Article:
Each evening as we went back inside the walls we were searched for contraband. We would take our handkerchief out of its pocket, hold our hands up over our heads, and be "shook down," hands run over our pockets.
One time I had a green onion secluded in my handkerchief, taking it in for a friend who longed for a fresh green onion. I was, of course, in serious violation of the regulations. The guard who was searching me was the one given a hard time by the Jehovah’s Witness. I thanked the guard for the patient and gentle way he handled him. The guard didn’t say a word, dropped his hands, and I left hurriedly afraid he was about to burst out in tears. Kind words for guards from inmates were rare.
Although World War II was a popular war with a cause that was widely considered just, unlike Vietnam, the churches, with varying degrees of enthusiasm, gave some support to their conscientious objectors. The Christian Science church was an exception. Their national headquarters issued a statement that there was nothing in Christian Science doctrine that would cause a man to become a conscientious objector. Yet, there was one Christian Science CO in Sandstone.
There was a hallway across the end of our dormitory with heavy steel fencing setting the hall off from the dorm and the inmates. There was a space of perhaps six or eight inches at the bottom of the fence through which guards would pass out our mail. The only time we were allowed packages was for Christmas. Each inmate could receive one gift. The gift had to be solicited by the inmate and approved by the institution. When the gift arrived, it would be shoved under the fence by a guard’s foot. I asked my family not to send me anything for Christmas, as I thought Christmas was badly polluted by Sandstone. There were also inmates, with whom I wished to identify, who had nobody to send them gifts.
Next door to home in Oskaloosa lived our neighbors, the Ruby family. They owned the United Delivery Company for which I worked on Saturdays and during Christmas vacation through high school and for a year after high school delivering groceries with a team of mules. The Rubys were not Quakers nor pacifists. They had three sons who went into the army. I had seen none of the Rubys for six years. Each Christmas they made very professional chocolates to share with their friends.
It was nearly Christmas, and my name was called as having received a gift. I thought it must be a mistake, but it was a box of chocolates from the Rubys. A box of homemade chocolates had made it past the restrictions of the Bureau of Prisons and my own personal restrictions for Christmas. I wept.
I learned some new vocabulary in Sandstone. Part of that was getting shot. To be shot had nothing to do with handguns or rifles but meant you’d been written up by a guard for an offense. That puts you before a disciplinary board for possible punishment.
I was working with a crew outdoors on some kind of digging job when the guard in charge came over to me and told me that I needed to work faster, because we were in front of the warden’s office. I responded that maybe he felt he should work harder in front of the warden, but I would work the same way in front of the warden or back of the building. Bang!! I was shot for insubordination, or something like that.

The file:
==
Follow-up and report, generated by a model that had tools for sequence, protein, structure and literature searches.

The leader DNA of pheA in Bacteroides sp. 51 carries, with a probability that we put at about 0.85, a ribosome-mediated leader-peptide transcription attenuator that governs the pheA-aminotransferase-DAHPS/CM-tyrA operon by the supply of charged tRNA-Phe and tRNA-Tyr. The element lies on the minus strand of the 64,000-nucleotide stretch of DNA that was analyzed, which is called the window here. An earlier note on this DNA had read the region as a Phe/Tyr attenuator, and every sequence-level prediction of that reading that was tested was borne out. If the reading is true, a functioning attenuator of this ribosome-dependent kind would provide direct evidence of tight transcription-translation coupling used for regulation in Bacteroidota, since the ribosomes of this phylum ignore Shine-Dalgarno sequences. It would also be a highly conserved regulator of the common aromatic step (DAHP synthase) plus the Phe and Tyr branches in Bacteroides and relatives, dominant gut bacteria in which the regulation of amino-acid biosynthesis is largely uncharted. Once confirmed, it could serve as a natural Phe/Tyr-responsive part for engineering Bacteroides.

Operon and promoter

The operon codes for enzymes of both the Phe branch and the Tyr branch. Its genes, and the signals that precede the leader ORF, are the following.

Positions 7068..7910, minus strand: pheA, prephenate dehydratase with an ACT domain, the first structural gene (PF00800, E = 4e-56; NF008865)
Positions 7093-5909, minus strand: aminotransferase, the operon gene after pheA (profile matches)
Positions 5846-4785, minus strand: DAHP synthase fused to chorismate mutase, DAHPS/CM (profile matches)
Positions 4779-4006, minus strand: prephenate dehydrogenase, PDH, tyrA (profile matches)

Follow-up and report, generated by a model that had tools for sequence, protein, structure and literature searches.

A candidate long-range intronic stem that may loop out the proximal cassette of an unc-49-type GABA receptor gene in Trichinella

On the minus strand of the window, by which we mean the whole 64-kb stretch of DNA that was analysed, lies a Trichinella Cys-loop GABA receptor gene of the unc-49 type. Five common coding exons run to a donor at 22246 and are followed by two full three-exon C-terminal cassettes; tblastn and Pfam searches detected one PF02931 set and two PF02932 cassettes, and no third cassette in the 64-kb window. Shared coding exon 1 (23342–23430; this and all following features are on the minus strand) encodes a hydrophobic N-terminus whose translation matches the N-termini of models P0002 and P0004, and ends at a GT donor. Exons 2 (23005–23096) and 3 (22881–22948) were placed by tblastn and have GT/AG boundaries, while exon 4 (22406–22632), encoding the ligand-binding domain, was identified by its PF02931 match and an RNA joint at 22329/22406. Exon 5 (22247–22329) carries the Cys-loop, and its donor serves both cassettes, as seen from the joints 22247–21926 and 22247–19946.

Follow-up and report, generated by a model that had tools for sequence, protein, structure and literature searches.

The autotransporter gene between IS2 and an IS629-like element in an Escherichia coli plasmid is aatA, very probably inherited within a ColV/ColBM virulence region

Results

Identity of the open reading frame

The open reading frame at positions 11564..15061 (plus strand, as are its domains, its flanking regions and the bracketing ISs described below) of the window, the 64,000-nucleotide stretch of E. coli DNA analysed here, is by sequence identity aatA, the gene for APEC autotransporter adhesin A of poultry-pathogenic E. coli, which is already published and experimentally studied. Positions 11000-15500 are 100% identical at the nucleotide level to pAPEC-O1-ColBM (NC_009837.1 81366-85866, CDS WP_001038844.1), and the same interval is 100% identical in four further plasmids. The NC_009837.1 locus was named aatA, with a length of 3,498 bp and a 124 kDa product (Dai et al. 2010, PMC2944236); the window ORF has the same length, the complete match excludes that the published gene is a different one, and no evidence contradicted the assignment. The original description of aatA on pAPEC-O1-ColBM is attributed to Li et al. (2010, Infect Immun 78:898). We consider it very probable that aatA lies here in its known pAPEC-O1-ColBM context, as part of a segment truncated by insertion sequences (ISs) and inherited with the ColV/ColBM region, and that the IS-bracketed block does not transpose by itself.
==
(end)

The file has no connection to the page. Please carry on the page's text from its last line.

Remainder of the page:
I appeared before the disciplinary board, three guards as I recall, a couple of days later. There was no disagreement about what happened. This was a context with-in which the board didn’t seem used to working. The guard who had accused me wasn’t present.
There was a little discussion, and I was asked if I didn’t realize they could take away some of my "good time," and I would have to stay longer, I replied that I knew that and when I did get out I would probably be back if the war was still going on. There was a void in the conversation. By refusing to be intimidated I seemed to have threatened their authority.
I presume there was some hesitancy about raising a public issue about how one worked in front of the warden’s office. I was dismissed with a warning but no penalty.
At the time, federal prisoners were eligible for parole after serving one-third of their sentence. A new plan made COs eligible for parole at any time to acceptable assignments with nonprofit institutions. The salary limit was board and room plus $15 per month. It was a Civilian Public Service kind of plan but totally devoid of any relationship to Selective Service.
Wistar Wood (unknown to me at the time), a Quaker, was superintendent of the Pennsylvania School for the Deaf in Philadelphia and desperate to find a boys’ supervisor. He seemed to be well-connected politically and got permission to review some files of COs in prison who might be qualified for the job. He selected me. The Bureau of Prisons told him that I probably wouldn’t take the job, as I had already turned down parole. Typical of the problems the Bureau had with COs, they couldn’t see the difference between a parole to a Selective Service assignment and a parole to a regular job.
I was glad to take the job and left Sandstone after one year in prison. Bickie was a graduate of Iowa State with a degree in dietetics and was immediately employed by the school as the dietician, so everything worked out fine with my $15 per month salary. Susan, then two years old, went to a Catholic daycare center for children. When we left the school after a little more than a year, with the war over and my parole terminated, to return as superintendent of Quakerdale Farm, Susan was crossing herself before meals.